The holidays are upon us! It's exciting to think about hanging out with friends and family (safely!), enjoying a large, home-cooked meal, and taking a break from our everyday routine. This often means consuming more treats: sugar, alcohol, bread and butter.
Mmmm. Bread and butter.
With these indulgences, and with the time spent with extended family, sometimes we fall off the wagon of fitness and can also get stressed out. Our brains sneak up behind us and whisper, "You deserve a break. Have another glass." Its fine to indulge every once in a while--that's what holidays are for!
Keeping up with fitness and stress relief doesn't have to take a back seat, however. You can indulge in feasts and drinks, and still maintain your fitness, and it can be relatively easy to do. Try these suggestions to mitigate the effects of the holidays:
Habit Stacking. This is the process of combining a new habit with an old one, in order to create a new habit. For example, if you shower every morning, you might consider doing a certain number of push-ups or air squats before showering, each day, say, 10 each? You don't have to increase the number, either--just creating this habit will help you to keep moving each day. You could stack simple things like wall sits with social media time, burpees before brushing your teeth, or doing a few good mornings in the morning while waiting for the coffee to be ready. Pairing a new activity with an existing habit can build your brain synapses and increase the likelihood of keeping up with the new habit. (James Clear outlines this in this blog post.)
Daily Cardio. Doing some form of cardio, every single day, can help mitigate the possible negative effects of holiday meals and parties. Make sure to schedule in a long walk with the dog, a short walk with yourself, a 5-minute HIIT IT blast, or a tabata or two. If you can't make it into the gym, make sure you do some sort of cardio each day. You've got 5 minutes. Burpees are always there for you.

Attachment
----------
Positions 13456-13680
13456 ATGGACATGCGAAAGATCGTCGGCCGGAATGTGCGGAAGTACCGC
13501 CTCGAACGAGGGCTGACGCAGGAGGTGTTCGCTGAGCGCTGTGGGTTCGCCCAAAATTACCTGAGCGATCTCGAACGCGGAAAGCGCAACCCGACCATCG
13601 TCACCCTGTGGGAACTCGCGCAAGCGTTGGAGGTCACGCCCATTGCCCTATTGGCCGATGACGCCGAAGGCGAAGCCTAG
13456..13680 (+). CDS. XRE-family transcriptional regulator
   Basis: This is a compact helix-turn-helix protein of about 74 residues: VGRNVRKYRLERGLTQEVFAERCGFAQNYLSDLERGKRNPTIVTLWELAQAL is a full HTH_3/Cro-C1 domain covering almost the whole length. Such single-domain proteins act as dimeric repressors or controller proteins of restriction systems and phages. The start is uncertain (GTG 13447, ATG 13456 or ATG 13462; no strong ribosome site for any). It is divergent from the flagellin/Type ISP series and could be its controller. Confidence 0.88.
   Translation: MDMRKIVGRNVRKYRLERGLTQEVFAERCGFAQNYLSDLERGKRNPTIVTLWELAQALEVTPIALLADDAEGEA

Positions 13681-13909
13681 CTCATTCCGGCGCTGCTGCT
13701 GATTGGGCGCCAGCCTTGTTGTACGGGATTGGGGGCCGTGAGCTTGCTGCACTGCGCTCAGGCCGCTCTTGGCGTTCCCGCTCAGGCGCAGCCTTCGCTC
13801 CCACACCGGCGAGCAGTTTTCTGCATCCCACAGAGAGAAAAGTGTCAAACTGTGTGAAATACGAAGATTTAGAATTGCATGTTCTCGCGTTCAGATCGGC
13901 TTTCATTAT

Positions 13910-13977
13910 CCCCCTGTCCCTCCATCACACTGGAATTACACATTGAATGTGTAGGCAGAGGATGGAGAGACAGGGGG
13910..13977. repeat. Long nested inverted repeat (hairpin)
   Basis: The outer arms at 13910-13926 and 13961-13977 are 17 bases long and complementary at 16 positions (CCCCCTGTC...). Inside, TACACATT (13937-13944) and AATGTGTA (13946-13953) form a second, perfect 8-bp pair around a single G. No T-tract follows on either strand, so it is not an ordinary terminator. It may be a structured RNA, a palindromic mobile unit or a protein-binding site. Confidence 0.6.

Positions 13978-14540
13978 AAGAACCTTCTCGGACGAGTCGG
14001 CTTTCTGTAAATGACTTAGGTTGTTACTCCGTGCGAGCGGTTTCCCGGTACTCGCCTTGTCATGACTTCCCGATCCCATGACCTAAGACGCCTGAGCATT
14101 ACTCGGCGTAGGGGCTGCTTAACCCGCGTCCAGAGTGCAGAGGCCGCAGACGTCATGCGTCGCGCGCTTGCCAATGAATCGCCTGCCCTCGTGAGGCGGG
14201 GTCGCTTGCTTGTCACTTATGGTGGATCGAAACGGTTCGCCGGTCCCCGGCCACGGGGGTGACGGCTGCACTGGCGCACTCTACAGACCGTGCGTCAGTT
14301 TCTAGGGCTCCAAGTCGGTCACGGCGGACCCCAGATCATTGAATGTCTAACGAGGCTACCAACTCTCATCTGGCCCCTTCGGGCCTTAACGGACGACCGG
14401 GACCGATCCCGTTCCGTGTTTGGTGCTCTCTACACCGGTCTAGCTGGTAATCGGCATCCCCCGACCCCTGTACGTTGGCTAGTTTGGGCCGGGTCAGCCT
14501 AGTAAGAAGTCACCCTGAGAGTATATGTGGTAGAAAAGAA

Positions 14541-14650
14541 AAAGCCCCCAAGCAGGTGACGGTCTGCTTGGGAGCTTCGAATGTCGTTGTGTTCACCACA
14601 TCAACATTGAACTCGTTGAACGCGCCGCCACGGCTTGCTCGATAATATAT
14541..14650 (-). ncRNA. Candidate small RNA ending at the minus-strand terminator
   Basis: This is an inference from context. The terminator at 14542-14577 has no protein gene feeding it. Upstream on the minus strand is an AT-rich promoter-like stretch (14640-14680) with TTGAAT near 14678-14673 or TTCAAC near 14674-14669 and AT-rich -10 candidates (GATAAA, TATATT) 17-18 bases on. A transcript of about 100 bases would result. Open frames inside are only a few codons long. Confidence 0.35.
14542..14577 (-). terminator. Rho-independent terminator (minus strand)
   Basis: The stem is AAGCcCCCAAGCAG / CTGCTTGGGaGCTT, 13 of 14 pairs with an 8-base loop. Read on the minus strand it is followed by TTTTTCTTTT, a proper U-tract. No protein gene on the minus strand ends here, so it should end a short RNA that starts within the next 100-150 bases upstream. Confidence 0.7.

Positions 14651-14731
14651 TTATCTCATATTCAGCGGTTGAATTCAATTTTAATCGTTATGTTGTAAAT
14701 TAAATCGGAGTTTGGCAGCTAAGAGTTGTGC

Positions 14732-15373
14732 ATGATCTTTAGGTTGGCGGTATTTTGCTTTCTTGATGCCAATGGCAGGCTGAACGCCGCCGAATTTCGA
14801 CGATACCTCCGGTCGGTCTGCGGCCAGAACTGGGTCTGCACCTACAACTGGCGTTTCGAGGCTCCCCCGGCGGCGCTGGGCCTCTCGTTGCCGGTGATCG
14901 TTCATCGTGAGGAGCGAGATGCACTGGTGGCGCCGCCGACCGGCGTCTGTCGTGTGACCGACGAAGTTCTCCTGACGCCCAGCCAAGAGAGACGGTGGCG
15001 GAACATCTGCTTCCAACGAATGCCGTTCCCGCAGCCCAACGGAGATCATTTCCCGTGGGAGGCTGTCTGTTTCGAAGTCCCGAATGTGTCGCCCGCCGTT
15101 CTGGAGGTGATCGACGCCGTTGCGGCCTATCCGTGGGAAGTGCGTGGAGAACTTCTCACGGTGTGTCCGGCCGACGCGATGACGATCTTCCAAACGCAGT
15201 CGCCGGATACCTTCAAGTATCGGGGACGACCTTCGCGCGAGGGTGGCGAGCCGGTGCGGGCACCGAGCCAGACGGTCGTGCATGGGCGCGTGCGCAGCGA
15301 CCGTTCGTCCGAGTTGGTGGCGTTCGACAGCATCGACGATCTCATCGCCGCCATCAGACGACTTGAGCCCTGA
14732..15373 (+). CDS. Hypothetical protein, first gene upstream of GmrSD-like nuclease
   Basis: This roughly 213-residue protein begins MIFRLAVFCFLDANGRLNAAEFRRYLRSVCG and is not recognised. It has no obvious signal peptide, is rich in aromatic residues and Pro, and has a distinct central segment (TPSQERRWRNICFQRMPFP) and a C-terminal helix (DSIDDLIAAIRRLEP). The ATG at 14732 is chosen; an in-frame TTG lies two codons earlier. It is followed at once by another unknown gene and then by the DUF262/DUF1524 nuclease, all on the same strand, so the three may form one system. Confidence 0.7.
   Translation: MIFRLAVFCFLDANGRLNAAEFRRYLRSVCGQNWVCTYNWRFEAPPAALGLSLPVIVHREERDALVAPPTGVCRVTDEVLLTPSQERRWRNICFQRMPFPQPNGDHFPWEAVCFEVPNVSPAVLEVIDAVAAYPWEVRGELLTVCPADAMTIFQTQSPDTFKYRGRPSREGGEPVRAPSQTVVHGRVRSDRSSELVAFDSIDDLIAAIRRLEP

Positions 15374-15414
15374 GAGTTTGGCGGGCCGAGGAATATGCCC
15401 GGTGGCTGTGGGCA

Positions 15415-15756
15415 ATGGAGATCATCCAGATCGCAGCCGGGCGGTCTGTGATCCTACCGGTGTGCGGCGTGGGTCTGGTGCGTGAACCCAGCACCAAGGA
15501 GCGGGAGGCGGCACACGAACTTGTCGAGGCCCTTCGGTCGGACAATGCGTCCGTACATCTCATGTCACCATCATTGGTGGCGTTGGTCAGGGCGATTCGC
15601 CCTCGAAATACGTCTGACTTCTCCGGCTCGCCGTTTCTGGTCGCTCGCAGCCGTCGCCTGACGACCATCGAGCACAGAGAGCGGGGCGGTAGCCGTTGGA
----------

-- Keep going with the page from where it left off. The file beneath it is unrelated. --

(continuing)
Meditate. Taking just a few minutes every day to breathe deeply and intentionally can help to reduce stress, lower your heart rate, and bring some focus and clarity to your mind. You might try "box breathing:" visualize a square in front of you. Starting a the top-left, "draw" a line to the right as you inhale for 4 seconds, hold it for 4 seconds drawing the next line down, exhale for 4 seconds as the line goes across, then hold your breath again for 4 seconds drawing the last line up. Repeat 3 times.
Eat a salad every day. Ensuring you eat some raw vegetables each day will help you to feel better, move your bowels, get important nutrients in, and help keep you from overeating (if that's a concern).
Set boundaries and enforce them. If you know that particular family members will be attending a party, and you know those particular family members are particularly toxic, but your presence is expected, then you have some choices to make. You can choose not to attend, and deal with the disappointment. You can choose to attend for a predetermined time period, and leave when your alarm goes off. You can make sure your partner is with you to mitigate the toxicity and remind you which battles to fight. No matter what you choose, keeping your boundaries helps to keep your sanity, and you don't have to be combative about it. "Yes, mom, I can come, but I can only stay until 6pm." There's nothing combative about that. When 6pm comes, say your good-byes and leave. Then practice your breathing in the car on the way home.
If you are in town, lifting heavy sh*t is ALWAYS recommended, so make sure you schedule time in the gym for fitness and stress relief. Endorphins are good things. Because you’ve got a women’s only gym in your life, your fitness is already ahead of the game. Enjoy the holidays, and ensure your health along the way: physical, mental, and emotional.